On the heels of his address to Congress, President Obama is continuing his effort to sell his ideas for reform to the country. His first post-speech stop is in Minnesota this Saturday, home state of Gov. Tim Pawlenty.

Pawlenty has become a vocal critique of many of the Obama’s administrations plans in the past few months, and rightfully so. Yesterday he argued that Obama’s aggressive government plans infringe on state sovereignty. Pawlenty made the point that “asserting the tenth amendment may be a viable option” if Obama and friends try and force their health care changes into law. When asked about his support for a public option, Pawlenty added that “it’s frightening, it’s ludicrous, it’s a bad idea and the country is against it.”
Pawlenty has implemented several useful tools for reform. He has created a Health Cabinet that advocates common sense, effective market based reforms. Some of the highlights include increasing improving citizen’s access to health care information, streamlining and simplifying regulations, and improving state health care purchasing strategies. Additionally, Minnesotans have access to two informative websites: the state administered Minnesota RxConnect and Minnesota HealthScores. Both resources allow consumers more information so they can make the most cost effective and beneficial health decisions.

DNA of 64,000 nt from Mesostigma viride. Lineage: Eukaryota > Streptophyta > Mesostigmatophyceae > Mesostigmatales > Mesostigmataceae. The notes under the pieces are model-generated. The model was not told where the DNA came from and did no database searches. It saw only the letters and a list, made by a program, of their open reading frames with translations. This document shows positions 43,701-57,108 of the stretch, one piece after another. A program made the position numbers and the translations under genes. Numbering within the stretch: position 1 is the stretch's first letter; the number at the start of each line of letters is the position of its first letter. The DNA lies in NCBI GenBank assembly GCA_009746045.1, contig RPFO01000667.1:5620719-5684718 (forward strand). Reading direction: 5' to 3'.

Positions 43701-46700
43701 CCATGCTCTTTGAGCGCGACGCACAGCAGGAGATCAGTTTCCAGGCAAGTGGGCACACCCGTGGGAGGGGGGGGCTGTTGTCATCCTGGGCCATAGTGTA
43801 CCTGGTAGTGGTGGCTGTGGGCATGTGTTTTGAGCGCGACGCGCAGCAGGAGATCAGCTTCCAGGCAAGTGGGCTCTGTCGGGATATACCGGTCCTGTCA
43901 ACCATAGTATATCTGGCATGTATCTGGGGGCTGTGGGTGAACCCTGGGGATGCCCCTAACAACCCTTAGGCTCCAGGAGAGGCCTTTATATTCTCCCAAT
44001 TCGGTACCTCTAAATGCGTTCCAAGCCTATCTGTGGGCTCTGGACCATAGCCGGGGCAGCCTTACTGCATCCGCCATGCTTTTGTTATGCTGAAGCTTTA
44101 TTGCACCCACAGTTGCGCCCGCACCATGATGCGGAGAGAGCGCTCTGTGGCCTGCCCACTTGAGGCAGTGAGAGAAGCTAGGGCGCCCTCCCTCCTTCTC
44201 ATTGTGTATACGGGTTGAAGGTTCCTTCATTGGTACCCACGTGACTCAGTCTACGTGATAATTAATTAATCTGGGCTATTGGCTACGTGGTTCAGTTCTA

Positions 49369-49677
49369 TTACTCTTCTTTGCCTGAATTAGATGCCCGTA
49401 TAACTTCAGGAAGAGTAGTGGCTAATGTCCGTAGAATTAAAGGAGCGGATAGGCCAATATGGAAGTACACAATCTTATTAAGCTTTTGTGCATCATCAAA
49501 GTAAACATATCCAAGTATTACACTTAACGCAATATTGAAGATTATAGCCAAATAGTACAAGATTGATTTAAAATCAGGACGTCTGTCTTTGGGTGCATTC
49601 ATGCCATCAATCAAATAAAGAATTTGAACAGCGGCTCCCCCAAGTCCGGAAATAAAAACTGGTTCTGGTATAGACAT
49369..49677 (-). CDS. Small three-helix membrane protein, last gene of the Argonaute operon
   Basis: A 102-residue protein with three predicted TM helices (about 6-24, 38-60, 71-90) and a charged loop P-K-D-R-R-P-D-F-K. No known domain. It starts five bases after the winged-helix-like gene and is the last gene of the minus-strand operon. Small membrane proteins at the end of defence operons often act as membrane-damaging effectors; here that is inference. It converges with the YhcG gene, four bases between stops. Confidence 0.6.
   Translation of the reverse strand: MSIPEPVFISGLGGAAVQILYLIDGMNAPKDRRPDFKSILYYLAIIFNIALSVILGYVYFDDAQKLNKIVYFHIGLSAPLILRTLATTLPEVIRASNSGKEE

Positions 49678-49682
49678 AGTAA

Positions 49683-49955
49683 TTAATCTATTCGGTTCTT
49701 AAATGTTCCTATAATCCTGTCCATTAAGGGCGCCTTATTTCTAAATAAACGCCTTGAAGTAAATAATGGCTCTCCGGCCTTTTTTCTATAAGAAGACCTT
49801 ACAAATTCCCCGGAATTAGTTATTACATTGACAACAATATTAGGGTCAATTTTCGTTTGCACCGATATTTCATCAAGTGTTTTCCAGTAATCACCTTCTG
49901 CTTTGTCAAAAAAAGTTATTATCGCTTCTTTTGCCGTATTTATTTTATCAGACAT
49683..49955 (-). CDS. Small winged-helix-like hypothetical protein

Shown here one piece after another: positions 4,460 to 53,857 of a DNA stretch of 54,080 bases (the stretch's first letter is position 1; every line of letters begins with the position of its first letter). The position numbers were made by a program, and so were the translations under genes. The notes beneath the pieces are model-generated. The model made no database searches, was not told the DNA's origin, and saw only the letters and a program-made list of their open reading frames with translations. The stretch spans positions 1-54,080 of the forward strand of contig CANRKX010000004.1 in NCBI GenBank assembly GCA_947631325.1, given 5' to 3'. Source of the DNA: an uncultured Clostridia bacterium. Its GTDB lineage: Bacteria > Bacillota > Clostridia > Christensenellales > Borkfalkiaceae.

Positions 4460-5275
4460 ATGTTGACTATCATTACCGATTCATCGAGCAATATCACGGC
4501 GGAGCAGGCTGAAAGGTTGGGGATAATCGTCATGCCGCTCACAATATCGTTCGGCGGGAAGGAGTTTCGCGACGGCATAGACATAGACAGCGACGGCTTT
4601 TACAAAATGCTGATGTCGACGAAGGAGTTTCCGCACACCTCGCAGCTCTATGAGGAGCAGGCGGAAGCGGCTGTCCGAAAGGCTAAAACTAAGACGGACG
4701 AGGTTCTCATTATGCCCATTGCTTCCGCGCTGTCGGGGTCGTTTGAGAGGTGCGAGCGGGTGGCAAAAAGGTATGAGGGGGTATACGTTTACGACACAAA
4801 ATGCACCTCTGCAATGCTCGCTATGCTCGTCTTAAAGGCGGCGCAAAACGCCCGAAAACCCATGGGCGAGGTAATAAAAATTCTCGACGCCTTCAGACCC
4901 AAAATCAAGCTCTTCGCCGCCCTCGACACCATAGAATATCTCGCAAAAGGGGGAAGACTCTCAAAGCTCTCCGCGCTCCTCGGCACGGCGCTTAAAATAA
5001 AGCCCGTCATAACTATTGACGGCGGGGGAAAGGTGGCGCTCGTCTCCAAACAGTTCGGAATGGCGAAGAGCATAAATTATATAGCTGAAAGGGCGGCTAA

As Pawlenty notes, “Providing quality and cost information gives consumers a powerful tool for health care purchasing decisions.” He went on to say that the RxConnect program “is a market-driven success… is not government intervention and no legislation was needed. This is simply the buyer… working with health plans and providers to meet the community’s needs.” More information about the smart market-based reforms in the state can be found at the bottom of this page.
Hopefully Obama will notice the health care solutions Minnesota has to offer.  If Obama truly wants a bi-partisan health plan that works, he needs to start actually listening to the opposition instead of just giving it lip service. If he actually wants to “bring the best ideas of both parties together”, then the Governor’s back yard will be a great place to start.